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Ayrton Bora-S

by Craig Rutherford • in
  • January 2019
  • Road Tests
• Created: January 14, 2019

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It seems safe to say that Ayrton’s first “hit,” at least in North America, was the much-celebrated MagicPanel 602. Released in 2013, it has been credited for starting the “matrix-of-LED” trend in lighting fixtures. Though not Ayrton’s first light, that fixture also put the company on the map as a producer of high-quality lights that were also different from anything else on the market. The company shied away from doing conventional automated fixtures; they were innovators of effects lighting.

This seems to have changed in recent years, with new and more “traditional” moving head lights using LEDs as sources. These new fixtures bear the hallmarks of fixtures from other fixtures in their class, but there are innovations to be seen here. Today, we’re looking at the Bora-S, ostensibly a wash fixture with a few spot-esque features sitting under the hood.

The source for this fixture is a sealed 750W white light engine, with a color temperature of 8,000K, according to Ayrton. My meter read 6,360K by the time the light passes through the optics of the fixture. (The Bora also comes in a version called TC, which has a 7,000K LED engine, for applications needing warmer light.) The LED engine and its associated cooling takes up a good portion of the rear of the light — LEDs like to be kept cool. The individual LEDs in the light array are very tiny, and packed quite close together. I measured 10,700 lux from five meters at 50 percent zoom at startup, which dropped to 9,060 lux after letting the fixture run at full for thirty minutes to reach thermal equilibrium. This represents an output drop of about 15 percent, which is within the expected range for a fixture of this class.

At the other end of the light, there sits a large 178 mm spherical lens, and not — as I would have expected — a Fresnel lens. These sorts of lenses give a slightly more defined edge than a Fresnel, which would soften the beam too much for the other effects in the light. Lens selection will, of course, vary by application.

Dimming was smooth, down to the very last clicks before blackout. One touch that I noticed while testing the dimming was that, like other LED fixtures of this sort, the LEDs in the engine are divided up into sections for effects. At the extreme lower ends of its range, the Bora-S turns those sections off (or on, as the case may be) one at a time, to help smooth out this critical part of the range. The dimming curve very closely approximated an ideal square law curve, with no odd jumps or dips anywhere along the range. In short, this is an excellent electronic dimmer. This light also does a trick I’ve seen other LED fixtures do — there is an extremely slight but noticeable fade when setting a zero-time blackout using the dimmer channel. This fade is absent when using the “shutter” channel, emulating the look of a physical dimmer / shutter combination. Expected shutter functions are here, including random and synchronized strobes up to 25Hz.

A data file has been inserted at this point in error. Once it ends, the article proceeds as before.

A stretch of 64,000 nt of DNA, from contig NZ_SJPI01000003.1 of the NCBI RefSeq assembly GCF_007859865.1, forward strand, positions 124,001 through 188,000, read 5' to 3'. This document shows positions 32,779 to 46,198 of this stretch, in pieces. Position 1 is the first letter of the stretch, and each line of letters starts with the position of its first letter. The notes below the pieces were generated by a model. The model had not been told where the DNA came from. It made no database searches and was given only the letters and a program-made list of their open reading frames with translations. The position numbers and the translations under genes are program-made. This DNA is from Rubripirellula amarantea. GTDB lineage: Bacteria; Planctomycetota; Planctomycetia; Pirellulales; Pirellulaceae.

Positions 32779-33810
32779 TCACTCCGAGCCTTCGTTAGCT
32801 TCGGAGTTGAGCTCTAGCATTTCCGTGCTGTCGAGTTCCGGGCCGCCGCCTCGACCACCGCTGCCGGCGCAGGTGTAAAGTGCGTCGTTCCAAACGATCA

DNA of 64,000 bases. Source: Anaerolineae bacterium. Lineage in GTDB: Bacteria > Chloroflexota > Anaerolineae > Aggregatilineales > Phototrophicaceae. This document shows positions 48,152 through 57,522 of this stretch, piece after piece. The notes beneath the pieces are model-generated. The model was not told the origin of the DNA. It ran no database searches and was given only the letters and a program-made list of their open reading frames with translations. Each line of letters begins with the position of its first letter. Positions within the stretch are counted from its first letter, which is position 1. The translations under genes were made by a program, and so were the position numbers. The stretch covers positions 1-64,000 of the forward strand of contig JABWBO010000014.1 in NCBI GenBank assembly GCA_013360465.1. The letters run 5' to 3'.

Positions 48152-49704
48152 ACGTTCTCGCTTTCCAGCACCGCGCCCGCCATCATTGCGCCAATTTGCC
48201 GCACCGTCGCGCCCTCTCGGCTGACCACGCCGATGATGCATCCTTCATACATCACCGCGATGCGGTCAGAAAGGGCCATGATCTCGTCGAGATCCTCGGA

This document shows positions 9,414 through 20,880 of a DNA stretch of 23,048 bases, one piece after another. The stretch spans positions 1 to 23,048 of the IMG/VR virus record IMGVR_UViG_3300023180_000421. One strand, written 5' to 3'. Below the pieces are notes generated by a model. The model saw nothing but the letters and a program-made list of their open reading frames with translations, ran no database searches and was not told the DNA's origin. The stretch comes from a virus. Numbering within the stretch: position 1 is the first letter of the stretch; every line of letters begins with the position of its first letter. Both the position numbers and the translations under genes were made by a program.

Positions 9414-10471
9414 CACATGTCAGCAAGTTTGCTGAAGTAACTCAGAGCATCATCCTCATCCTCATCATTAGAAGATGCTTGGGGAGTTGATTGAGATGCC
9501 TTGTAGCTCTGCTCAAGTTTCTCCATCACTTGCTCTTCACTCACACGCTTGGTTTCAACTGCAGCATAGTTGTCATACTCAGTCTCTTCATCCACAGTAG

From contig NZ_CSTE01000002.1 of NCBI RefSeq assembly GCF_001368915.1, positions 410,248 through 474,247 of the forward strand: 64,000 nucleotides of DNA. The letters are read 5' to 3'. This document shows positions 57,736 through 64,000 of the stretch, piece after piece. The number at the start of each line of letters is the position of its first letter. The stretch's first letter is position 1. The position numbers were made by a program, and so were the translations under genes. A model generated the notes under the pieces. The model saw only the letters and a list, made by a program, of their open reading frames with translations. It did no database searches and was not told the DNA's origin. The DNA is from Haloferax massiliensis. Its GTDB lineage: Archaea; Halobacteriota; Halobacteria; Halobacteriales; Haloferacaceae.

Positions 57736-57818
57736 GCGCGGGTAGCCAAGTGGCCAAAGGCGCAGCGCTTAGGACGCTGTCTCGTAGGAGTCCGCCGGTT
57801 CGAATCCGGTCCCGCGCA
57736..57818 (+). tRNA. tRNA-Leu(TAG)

Dimmer Curves

Effects are divided up onto two removable modules, one for color mixing, fixed colors, and gobos, and the other for the framing shutter system and the iris. The color / gobo module is first in place past the LED engine, and as is the trend these days, uses sets of flags that open and close across the beam of light like curtains. Along with the CMY color system, there is also a CTO flag that when fully inserted brings the color temperature down to 2,990K. Color mixing was smooth, both in the air and within the projected beam of light itself. I found that the mixed yellow was balanced, as were the other colors. One downside of using white LEDs is that mixed reds are often the weakest colors of the range and tend toward orange, which was the case here. This is an issue common on all luminaires that use phosphor-converted white LEDs. To help with this, the Bora-S has two fixed color wheels with six filters plus open. One has deeper, more saturated colors like deeps reds and blues, while the other has various correction filters including a 4,300K and minus green filters. Filters have minimal space between them and this system produces very usable split colors.